Recent news say that a couple of fake cryptocurrency wallets were spotted on Google Play Store, proving that even such a great corporation as Google is not capable of controlling everything.
The number of apps on Google Play is over 2.6 million and that number is constantly getting bigger and bigger. Therefore, it would be insane to ask of them to keep a close look at every single one of them. Still, users have every right to be concerned that a few phone cryptocurrency wallets weren’t spotted by Google. After all, these kinds of app deal with money, so they need to be monitored more closely than, let’s say, games or fitness applications.
So, What Happened?
Cybercriminals developed fake cryptocurrency wallets with the intention of stealing money away from the users. And to bring a large number of users to their wallet, they placed the apps on Google Play. And it stood there for a while, before being discovered by an independent cryptocurrency crusader.
The guy’s name is Lucas Stefanko and he works as an author at a website called WeLiveSecurity, which is focused on the war against malware and all other threats lurking online. This of course, involves the battle against cryptocurrency thieves, as well.
Stefanko discovered four wallets that were claimed to offer solutions for the following Cryptos: MetaMask, Tether, and NEO. The one used as a fake MetaMask wallet was actually based on a phishing scheme. How it worked is that after the user installs, it requests their login credentials to other wallets. This basically means opening doors to your assets to cybercriminals. Stefanko made a screenshot of the stats of this app, which revealed that more than 500 people have already downloaded it.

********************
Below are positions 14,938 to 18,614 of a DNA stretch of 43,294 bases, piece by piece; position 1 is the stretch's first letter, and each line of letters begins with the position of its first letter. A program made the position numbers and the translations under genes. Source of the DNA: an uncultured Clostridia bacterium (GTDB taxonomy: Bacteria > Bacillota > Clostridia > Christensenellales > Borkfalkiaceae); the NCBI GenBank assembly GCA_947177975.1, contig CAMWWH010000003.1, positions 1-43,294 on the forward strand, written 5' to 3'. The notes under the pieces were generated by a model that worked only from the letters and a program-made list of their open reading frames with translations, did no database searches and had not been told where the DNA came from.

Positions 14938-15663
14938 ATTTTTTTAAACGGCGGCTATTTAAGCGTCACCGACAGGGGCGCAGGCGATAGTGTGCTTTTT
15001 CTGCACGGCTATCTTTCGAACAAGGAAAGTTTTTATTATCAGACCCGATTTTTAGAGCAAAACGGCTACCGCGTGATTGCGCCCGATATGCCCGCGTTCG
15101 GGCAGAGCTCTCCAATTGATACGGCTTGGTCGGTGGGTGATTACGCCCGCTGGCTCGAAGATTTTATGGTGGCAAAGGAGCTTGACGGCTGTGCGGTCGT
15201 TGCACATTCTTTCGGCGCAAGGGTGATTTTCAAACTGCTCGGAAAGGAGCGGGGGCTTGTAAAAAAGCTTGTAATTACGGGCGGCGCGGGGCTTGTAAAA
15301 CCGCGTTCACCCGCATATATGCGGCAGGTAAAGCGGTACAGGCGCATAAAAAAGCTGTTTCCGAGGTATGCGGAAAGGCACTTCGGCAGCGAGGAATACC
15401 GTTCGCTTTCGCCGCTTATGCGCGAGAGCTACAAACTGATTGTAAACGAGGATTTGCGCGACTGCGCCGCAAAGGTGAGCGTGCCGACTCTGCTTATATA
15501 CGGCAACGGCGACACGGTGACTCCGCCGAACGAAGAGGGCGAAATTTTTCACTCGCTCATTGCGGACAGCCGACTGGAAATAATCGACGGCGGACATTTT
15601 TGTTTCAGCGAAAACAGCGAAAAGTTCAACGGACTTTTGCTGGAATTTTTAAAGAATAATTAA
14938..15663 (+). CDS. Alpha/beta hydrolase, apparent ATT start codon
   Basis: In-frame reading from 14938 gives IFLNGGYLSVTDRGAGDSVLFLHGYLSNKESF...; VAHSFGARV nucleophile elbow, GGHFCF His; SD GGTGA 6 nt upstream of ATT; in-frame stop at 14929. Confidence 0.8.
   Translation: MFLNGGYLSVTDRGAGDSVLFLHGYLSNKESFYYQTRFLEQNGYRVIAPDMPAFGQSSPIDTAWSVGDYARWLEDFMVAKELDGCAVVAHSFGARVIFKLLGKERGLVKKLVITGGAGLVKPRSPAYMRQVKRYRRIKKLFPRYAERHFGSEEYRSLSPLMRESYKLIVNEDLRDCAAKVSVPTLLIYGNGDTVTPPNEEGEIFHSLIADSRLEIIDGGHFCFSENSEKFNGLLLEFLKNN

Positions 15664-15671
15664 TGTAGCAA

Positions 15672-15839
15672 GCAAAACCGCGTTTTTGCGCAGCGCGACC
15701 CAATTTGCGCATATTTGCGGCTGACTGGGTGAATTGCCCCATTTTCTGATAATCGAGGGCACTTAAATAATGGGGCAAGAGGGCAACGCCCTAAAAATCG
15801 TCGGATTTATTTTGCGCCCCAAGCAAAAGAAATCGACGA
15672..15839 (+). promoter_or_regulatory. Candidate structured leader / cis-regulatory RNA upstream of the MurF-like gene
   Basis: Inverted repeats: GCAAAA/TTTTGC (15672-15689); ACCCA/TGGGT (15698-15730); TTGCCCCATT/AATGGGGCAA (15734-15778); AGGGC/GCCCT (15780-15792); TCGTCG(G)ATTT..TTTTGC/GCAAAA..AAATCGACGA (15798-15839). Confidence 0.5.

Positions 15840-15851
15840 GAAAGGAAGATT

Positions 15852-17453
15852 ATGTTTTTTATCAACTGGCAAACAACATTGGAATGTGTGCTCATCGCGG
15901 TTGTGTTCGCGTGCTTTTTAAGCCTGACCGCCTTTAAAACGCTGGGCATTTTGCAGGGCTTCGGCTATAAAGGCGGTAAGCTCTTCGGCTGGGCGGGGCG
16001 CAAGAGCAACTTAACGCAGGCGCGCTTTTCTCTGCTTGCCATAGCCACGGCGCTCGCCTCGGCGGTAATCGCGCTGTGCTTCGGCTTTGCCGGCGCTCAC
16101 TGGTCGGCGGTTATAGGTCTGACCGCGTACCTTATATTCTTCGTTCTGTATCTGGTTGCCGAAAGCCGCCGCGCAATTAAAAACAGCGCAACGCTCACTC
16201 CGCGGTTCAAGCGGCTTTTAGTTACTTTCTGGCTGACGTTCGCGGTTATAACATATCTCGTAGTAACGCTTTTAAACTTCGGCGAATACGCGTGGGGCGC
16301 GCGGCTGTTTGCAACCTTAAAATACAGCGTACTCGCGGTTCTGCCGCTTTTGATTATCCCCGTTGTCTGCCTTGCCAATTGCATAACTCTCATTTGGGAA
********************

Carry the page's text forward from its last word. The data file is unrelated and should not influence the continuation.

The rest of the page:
Unlike the phishing app that mimicked real MetaMask app, the other three applications were fake crypto wallets. Two of them were made to look like they’re dealing with NEO, while there was one focused on those who wanted to get ahold of Tether tokens.
Is This a One-Off Case?
Unfortunately, the scams discovered made by Stefanko are just some of many. In fact, in the last couple of months, there were many reports that suspicious apps were spotted on Google Play. For example, Ethereum World News released a report about a phony wallet for EOS. After they made it public, Google removed the app from the Store.
And cases like these happen all the time. The reason is simple – there are just too many apps out there on Google Play Store so it’s almost impossible for Google to have them all checked. The only solution seems to be informing the users about the potential threats.
And now that you know that even the fact that a wallet is listed on Google Play does not mean that it’s legit. Instead of downloading it right away, our advice is to first take some time to learn more about the app. You can read reviews on Play Store, but our advice is not to stop there. Get as much info as you need because cryptocurrencies are getting more and more sophisticated every day, so it’s not easy to spot a scam anymore.
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